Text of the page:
Proper science does not by necessity include one's own, personal laboratory experimentation. Instead, legitimate science often involves reasoning like a detective, considering multiple suspects, weighing clues and excluding suspects that could not have committed the crime, eventually narrowing in on the one suspect whose involvement is pointed to by the weight of the evidence.


One can see a distinction between these two scientific approaches when one looks at what might be called "historical sciences" versus what might be called "experimental sciences." Experimental scientists, such as chemists and physicists, hypothesize about how things work now, and then test those hypotheses through laboratory experimentation. Historical scientists, on the other hand, such as geologists, archaeologists, paleontologists, cosmologists, and yes, evolutionary biologists, look at multiple competing attempts to explain the past, weighing the merits of each, excluding those explanations which do not fit the evidence, and narrowing in those explanations that do fit the evidence.

In History of the Inductive Sciences (1837) and The Philosophy of the Inductive Sciences (1840), scientist and philosopher William Whewell explained the distinctions between these two kinds of sciences. Instead of trying to establish universal laws by which nature operates, the objective of historical scientists is to determine ancient conditions or past causes. Rather than studying "forces that are permanent causes of motion, such as gravitation attraction," historical scientists study "causes that have worked their effects in temporal succession." And in attempting to reconstruct those "ancient conditions," historical scientists "calculate backwards" and determine what has occurred in the past based on known cause-and-effect relationships in operation in the present.

No chemist, physicist or biologist claims that historical scientists are "not doing science." The dictionary defines geology as "the science that deals with the dynamics and physical history of the earth;" archaeology as "the scientific study of historic or prehistoric peoples and their cultures;" and paleontology as "the science of the forms of life existing in former geologic periods" (emphasis mine in each case). But scientists in these fields do not make hypotheses that can be tested through laboratory experimentation. Instead, they look at the present effects of past causes; they weigh competing attempts to explain what happened in the past based on what we see today.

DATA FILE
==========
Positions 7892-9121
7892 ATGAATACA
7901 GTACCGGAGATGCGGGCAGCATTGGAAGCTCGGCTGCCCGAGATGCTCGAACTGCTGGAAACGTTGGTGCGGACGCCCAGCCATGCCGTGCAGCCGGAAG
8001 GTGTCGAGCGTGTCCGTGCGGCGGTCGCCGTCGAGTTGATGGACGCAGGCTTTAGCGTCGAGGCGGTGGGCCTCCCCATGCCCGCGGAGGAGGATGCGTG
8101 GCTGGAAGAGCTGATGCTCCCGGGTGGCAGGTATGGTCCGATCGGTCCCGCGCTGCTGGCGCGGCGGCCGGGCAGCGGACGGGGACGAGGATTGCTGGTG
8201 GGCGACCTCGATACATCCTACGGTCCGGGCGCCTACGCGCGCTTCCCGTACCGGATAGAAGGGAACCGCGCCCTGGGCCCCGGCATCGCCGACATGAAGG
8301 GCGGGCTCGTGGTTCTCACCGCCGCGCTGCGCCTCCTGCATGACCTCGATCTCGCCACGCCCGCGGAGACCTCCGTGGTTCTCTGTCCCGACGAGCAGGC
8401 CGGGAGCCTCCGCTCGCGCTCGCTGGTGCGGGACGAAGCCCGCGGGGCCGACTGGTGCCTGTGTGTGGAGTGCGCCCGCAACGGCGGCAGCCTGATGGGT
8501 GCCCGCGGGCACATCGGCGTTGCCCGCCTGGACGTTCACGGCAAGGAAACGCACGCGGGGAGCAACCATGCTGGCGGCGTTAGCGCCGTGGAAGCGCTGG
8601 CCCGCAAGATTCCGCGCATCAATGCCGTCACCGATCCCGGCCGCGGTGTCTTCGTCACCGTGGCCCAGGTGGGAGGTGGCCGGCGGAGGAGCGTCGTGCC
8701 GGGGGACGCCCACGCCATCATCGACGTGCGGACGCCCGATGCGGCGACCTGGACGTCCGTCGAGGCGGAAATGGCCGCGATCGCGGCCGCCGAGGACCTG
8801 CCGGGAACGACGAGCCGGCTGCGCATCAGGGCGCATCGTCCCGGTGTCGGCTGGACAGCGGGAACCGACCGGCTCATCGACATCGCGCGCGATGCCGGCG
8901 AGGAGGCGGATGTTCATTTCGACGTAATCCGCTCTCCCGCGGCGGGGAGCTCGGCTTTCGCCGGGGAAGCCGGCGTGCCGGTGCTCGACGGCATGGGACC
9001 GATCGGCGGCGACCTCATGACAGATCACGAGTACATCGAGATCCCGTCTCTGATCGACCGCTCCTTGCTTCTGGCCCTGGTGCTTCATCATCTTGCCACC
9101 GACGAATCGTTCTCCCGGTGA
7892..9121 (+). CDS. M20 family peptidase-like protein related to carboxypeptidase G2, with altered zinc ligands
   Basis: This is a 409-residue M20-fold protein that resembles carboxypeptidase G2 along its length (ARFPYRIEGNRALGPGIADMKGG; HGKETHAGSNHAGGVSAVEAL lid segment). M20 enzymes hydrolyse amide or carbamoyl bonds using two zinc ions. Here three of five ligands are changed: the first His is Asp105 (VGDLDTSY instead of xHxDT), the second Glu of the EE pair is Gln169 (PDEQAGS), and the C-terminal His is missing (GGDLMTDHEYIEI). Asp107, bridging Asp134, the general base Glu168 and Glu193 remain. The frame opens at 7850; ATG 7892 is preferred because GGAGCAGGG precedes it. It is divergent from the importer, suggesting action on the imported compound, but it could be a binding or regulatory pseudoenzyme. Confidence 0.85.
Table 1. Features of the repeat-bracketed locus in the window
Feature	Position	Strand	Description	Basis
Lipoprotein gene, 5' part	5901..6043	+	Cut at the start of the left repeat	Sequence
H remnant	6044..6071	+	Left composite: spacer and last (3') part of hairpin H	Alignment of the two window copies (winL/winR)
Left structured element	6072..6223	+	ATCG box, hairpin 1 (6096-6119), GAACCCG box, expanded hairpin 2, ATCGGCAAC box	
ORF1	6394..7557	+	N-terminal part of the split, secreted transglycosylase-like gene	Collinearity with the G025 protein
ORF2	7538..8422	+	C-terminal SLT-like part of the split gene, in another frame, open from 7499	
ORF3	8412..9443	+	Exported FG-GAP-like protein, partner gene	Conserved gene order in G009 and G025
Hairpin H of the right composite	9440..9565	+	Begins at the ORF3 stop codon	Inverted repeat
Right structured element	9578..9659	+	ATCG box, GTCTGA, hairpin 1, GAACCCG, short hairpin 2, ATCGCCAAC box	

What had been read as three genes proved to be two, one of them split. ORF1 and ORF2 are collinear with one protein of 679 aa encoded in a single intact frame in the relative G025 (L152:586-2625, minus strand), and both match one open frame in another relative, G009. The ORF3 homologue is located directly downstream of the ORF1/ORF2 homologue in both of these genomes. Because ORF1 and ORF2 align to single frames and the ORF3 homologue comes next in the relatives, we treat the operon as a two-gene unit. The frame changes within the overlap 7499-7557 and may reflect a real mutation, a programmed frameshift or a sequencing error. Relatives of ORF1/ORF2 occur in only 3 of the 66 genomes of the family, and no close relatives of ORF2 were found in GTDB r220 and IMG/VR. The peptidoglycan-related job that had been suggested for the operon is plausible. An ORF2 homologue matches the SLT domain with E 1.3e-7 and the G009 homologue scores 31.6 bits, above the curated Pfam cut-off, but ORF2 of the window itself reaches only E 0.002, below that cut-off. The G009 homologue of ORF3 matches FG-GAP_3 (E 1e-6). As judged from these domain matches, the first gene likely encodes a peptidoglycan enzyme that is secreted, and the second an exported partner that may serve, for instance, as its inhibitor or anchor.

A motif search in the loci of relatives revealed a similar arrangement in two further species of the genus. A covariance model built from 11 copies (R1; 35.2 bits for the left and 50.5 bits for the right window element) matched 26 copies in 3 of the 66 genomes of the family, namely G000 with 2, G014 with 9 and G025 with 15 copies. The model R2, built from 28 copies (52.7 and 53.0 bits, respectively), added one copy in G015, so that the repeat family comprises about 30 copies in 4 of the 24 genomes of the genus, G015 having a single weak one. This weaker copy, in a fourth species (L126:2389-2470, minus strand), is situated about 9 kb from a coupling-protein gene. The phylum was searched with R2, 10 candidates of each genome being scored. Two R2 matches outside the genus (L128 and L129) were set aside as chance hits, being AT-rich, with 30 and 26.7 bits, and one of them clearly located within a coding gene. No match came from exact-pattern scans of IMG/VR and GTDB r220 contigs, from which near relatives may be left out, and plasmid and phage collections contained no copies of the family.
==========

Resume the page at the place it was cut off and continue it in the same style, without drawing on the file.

The hypotheses of geologists, archaeologists and paleontologists, despite being untestable through laboratory experimentation, are not untestable altogether. They're merely tested in a different manner. Historical scientists look for the best attempt at explaining what occurred in the past resulting in what we see today. Given the effects of some event or condition in the past, they look at what causes, known to produce similar effects, could have occurred in the past, and exclude causes that cannot account for those effects.


So while experimental scientists test their theories by predicting what will happen and validating or invalidating their hypotheses in the lab, historical scientists test their theories by comparing the explanatory power of competing theories. The claim made by critics of intelligent design theory, that it is untestable and thus not science, is refuted by some of the very heroes of evolutionary science like Watson, Crick, and Darwin himself, as well as by historical scientists like geologists, archaeologists and paleontologists.

How, then, can this legimiately scientific approach and its test of the explanatory power of competing theories be used to determine the cause of the diversity of biological life we see today? Stay tuned.